The right-wing interior minister who closed Italy’s ports to aid groups that rescue migrants in the Mediterranean said Sunday that he wants to extend the prohibition to foreign navy ships.
Matteo Salvini said he would bring up Italy’s desire to keep navy ships carrying rescued migrants from its ports when European Union interior ministers meet this week in Austria.
Salvini made the statement on Facebook after the Irish navy ship Samuel Beckett arrived in the Sicilian port of Messina with 106 migrants after participating in an EU-sponsored mission.
“Unfortunately, Italian governments over the past five years have signed agreements (in exchange for what?) so that all these ships disembark immigrants in Italy,” Salvini wrote.
“With our government, the music has changed and will change.”
The EU’s border control force, Frontex, operates a search-and-rescue operation in the Mediterranean using air and sea resources contributed from a variety of countries.
Italy’s coast guard coordinates the rescues and tells Frontex ships where to disembark.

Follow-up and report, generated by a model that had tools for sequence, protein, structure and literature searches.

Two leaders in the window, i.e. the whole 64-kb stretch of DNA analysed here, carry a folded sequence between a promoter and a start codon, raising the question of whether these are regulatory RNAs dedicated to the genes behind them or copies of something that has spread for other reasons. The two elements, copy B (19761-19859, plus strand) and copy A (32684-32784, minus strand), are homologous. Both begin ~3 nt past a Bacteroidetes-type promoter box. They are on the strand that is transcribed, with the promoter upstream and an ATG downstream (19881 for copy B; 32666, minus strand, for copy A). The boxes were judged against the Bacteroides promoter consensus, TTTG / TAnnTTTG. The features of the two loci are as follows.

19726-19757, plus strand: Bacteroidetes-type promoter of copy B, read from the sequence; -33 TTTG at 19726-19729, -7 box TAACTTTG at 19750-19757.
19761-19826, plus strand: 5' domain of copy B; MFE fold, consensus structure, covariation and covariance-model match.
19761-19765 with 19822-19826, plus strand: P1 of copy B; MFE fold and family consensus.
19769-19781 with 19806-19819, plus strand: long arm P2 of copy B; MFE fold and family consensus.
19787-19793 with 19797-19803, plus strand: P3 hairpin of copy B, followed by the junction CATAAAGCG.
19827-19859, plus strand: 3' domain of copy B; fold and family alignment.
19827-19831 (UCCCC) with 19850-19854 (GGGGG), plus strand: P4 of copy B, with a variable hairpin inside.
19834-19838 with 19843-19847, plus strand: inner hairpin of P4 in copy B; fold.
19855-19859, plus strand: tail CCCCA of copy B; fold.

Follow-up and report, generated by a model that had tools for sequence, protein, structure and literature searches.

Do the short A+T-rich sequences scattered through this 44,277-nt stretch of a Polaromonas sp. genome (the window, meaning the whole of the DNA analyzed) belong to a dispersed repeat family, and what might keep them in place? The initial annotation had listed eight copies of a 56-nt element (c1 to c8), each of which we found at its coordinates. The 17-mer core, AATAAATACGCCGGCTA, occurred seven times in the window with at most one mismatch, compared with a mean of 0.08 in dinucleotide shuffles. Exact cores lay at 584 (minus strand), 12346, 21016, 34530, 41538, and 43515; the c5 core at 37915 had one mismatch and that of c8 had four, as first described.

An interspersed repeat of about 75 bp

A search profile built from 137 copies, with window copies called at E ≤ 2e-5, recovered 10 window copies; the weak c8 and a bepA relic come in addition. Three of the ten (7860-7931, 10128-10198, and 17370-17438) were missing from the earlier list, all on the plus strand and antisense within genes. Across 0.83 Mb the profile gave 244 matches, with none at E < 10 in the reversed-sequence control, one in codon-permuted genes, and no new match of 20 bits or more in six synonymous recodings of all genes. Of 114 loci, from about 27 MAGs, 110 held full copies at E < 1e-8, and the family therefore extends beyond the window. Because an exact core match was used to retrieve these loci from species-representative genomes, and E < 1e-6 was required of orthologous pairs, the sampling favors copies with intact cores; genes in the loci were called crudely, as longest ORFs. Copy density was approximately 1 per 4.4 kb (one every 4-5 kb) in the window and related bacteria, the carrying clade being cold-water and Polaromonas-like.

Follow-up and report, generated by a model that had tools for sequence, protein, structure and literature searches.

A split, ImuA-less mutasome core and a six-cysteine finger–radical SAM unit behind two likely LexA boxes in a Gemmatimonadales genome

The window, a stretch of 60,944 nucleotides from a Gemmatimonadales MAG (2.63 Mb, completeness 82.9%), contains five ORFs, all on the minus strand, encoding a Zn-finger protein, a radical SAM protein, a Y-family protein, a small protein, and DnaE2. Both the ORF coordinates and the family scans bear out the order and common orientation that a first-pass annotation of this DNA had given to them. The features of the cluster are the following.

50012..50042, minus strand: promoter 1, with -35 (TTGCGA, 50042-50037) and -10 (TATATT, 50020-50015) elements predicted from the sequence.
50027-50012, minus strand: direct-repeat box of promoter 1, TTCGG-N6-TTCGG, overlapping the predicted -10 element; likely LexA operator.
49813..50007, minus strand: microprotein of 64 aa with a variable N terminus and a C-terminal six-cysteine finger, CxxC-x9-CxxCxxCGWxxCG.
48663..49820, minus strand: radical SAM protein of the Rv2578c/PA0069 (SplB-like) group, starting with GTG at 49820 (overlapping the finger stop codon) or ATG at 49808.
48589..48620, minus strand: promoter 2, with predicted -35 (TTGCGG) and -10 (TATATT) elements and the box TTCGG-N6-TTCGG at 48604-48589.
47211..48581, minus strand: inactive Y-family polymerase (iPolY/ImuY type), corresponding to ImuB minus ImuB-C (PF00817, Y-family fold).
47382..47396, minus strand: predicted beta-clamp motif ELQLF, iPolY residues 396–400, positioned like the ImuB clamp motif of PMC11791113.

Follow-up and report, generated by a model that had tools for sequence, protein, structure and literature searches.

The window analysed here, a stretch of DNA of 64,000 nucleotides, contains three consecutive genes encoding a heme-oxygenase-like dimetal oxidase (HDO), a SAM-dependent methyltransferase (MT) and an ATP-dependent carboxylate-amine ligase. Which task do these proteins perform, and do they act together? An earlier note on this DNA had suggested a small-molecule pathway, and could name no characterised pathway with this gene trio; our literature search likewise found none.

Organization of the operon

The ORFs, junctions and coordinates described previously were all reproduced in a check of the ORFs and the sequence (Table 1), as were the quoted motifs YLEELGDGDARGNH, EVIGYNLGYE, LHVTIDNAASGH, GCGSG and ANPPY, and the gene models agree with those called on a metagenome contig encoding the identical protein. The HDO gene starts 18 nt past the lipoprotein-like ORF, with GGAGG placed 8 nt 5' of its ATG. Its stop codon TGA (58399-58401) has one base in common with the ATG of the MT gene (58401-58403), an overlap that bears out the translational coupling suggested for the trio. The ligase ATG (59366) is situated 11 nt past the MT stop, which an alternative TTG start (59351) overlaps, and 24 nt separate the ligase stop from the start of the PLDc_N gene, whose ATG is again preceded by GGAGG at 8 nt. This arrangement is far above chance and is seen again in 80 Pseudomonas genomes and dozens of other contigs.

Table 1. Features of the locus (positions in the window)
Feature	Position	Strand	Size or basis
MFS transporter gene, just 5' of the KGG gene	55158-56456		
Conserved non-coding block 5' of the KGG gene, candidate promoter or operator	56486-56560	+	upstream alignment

In addition, the EU operates a military operation, Operation Sophia, focused on fighting people smuggling and arms trafficking; the Samuel Beckett was participating in Operation Sophia, officials said.
Italian Transport Minister Danilo Toninelli suggested that Italy would be taking aim at the terms of Operation Sophia.
Toninelli said on Twitter that Italy was required to accept the Samuel Becket’s passengers under a “crazy” agreement negotiated by the previous government that “sold out Italy’s interests.”
“We respect the rules, but now they will be changed,” Toninelli tweeted. “Migration can’t just be an Italian problem or else the EU is at risk.”
Salvini’s anti-migrant League party is governing Italy in a coalition with the anti-establishment 5-Star Movement.
Since the new government took office on June 1, it has launched a major crackdown on migration while the number of people embarking for Europe from Libya is much lower than in previous years.
The Western Journal has reviewed this Associated Press story and may have altered it prior to publication to ensure that it meets our editorial standards.
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